Shows that once were seen at the Studios:
- Ace Ventura Pet Detective: Live in Action
– Bear in the Big Blue House
– Dick Tracy Diamond Double-Cross
– Doug Live!
– Here Come the Muppets
– Hollywood’s Pretty Woman: (September 24, 1991 to November 3, 1991)
– Hunchback of Notre Dame: A Musical Adventure
– Muppets on Location: The Days of Swine and Roses: (September 16, 1991 until 1994.
– Spirit of Pocahontas
– Teenage Mutant Ninja Turtles
The Osborne Family Lights is an incredible display of over 5 million lights, which has been seen on Residential Street at the Disney-MGM Studios since it as purchased by Disney in 1995. The spectacle of lights was born in 1986 by Jennings Osborne, who created a 1,000 light display as a Christmas gift to his 6 year old daughter, Breezy.
And so a new family tradition was born. By 1993, this little Christmas gift turned into more than three million lights, and could be seen by planes flying 80 miles away. Well, three million lights might make a few people stand up and take notice… and they did. While some people came from miles away just to visit the the lights, other neighbors, filled with the holiday spirit, decided to take legal action to make him take them down. And no, they wouldn’t stop until it went all the way to the Arkansas Supreme Court (an appeal to the United States Supreme Court was denied by Justice Clarence Thomas).
After fighting the good fight and paying fines, (one of which was $10,000.00), Jennings Osborne thought that his gift to his daughter, and so many others who looked forward to the annual lightÂ Â display, was done for good.
Step up and take a bow, Mickey Mouse…
In 1995, Walt Disney World purchased the entire light display from the Osbornes, and brought it to the Disney-MGM Studios. That holiday season, more than 4 million lights adorned Residential Street , making it the third largest attraction in the park!
The lights have no grown to over 5 million, and Disney has enhanced the spectacle with free holographic glasses, and even nightly snowfalls!
It takes 21,000 hours and 10 weeks to install the 5 million lights at the Osborne Family Spectacle Of Lights at Disney-MGM Studios.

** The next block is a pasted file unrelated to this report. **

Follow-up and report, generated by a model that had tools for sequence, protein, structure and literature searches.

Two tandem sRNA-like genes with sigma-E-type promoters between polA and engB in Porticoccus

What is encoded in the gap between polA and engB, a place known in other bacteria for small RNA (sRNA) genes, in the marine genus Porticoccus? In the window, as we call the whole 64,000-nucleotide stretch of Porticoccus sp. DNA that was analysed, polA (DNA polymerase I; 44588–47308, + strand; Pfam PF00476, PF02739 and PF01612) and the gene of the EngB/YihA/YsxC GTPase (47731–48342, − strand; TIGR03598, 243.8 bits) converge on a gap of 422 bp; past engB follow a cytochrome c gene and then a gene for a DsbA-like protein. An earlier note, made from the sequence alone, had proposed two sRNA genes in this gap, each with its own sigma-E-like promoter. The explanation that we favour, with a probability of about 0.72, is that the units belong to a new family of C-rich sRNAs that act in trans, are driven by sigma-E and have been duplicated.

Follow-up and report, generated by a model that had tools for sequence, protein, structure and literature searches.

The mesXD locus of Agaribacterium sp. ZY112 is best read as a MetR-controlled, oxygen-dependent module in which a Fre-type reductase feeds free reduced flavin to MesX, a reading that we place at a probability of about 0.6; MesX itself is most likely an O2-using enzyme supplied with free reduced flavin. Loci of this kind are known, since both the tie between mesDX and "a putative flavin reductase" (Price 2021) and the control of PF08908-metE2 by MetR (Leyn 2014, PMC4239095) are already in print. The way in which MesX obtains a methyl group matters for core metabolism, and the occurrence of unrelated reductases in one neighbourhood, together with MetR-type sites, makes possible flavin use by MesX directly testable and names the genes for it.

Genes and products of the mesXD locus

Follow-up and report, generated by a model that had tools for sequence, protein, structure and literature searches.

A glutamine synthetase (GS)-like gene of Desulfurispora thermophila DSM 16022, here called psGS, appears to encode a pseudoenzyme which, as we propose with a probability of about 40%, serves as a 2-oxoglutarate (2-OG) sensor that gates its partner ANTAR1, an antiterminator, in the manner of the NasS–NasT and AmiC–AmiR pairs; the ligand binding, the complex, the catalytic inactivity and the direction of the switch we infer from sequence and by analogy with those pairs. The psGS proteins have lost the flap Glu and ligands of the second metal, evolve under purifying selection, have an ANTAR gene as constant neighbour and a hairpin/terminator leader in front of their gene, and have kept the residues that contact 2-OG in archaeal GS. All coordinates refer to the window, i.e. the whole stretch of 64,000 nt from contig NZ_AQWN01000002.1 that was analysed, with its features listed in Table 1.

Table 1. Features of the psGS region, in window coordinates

More than 350 miles of Christmas lights wrap around the Osborne Family Spectacle Of Lights display. Don’t forget the 71 miles of extension cables, either!!!
Parades from the past at the Disney-MGM Studios
The “Aladdin’s Royal Caravan” opened on December 21, 1992 and ran until August 27, 1995 . Floats included the genie, spitting camels (which later appeared at the Soundstage Restaurant and are now found at the Magic Carpets of Aladdin in Fantasyland). of course, Aladdin and Princess Jasmine rode in grand style upon an elephant float. And what about Jafar and Iago, the villains? They were there, too… at the end… sweeping up after the elephant!
The “Toy Story” parade ran in 1996 after the Aladdin parade closed, and offered numerous opportunities for guests to meet and get autographs from Buzz, Woody, and a variety of other Toy Story characters.
“Hercules Zero to Hero Victory Parade” meandered through the park twice a day starting on June 27, 1997 . It included a number of floats, headed by a lucky “Theban Family of the Day,” selected from the crowd. There were also giant balloons and cheerleaders (well, the balloons were giant, not the cheerleaders). The parade closed less than a year later in anticipation of the upcoming Mulan parade.
The “Mulan” parade ran from June 19, 1998 for three years, and included characters from the movie, as well as traditional Chinese parade elements, such as a 150-foot long dragon and performers representing the Great Wall of China.
Mama Melrose’s Ristorante Italiano at the Disney MGM Studios serves 720 pounds of pasta everyday. Thatsa lotta pasta!
At least 125 orders of meatloaf and mashed potatoes are requested every single day at 50’s Prime Time Cafe at the Disney MGM Studios.
(And one of my favorite places to eat at the parks! But be sure to eat all your vegetables, or no dessert for you!… Oh, yeah… keep your elbows on the table and see what happens…)
The Hollywood Brown Derby pays homage to the second Brown Derby restaurant (1929), once located at 1624 Vine Street, just south of Hollywood Boulevard.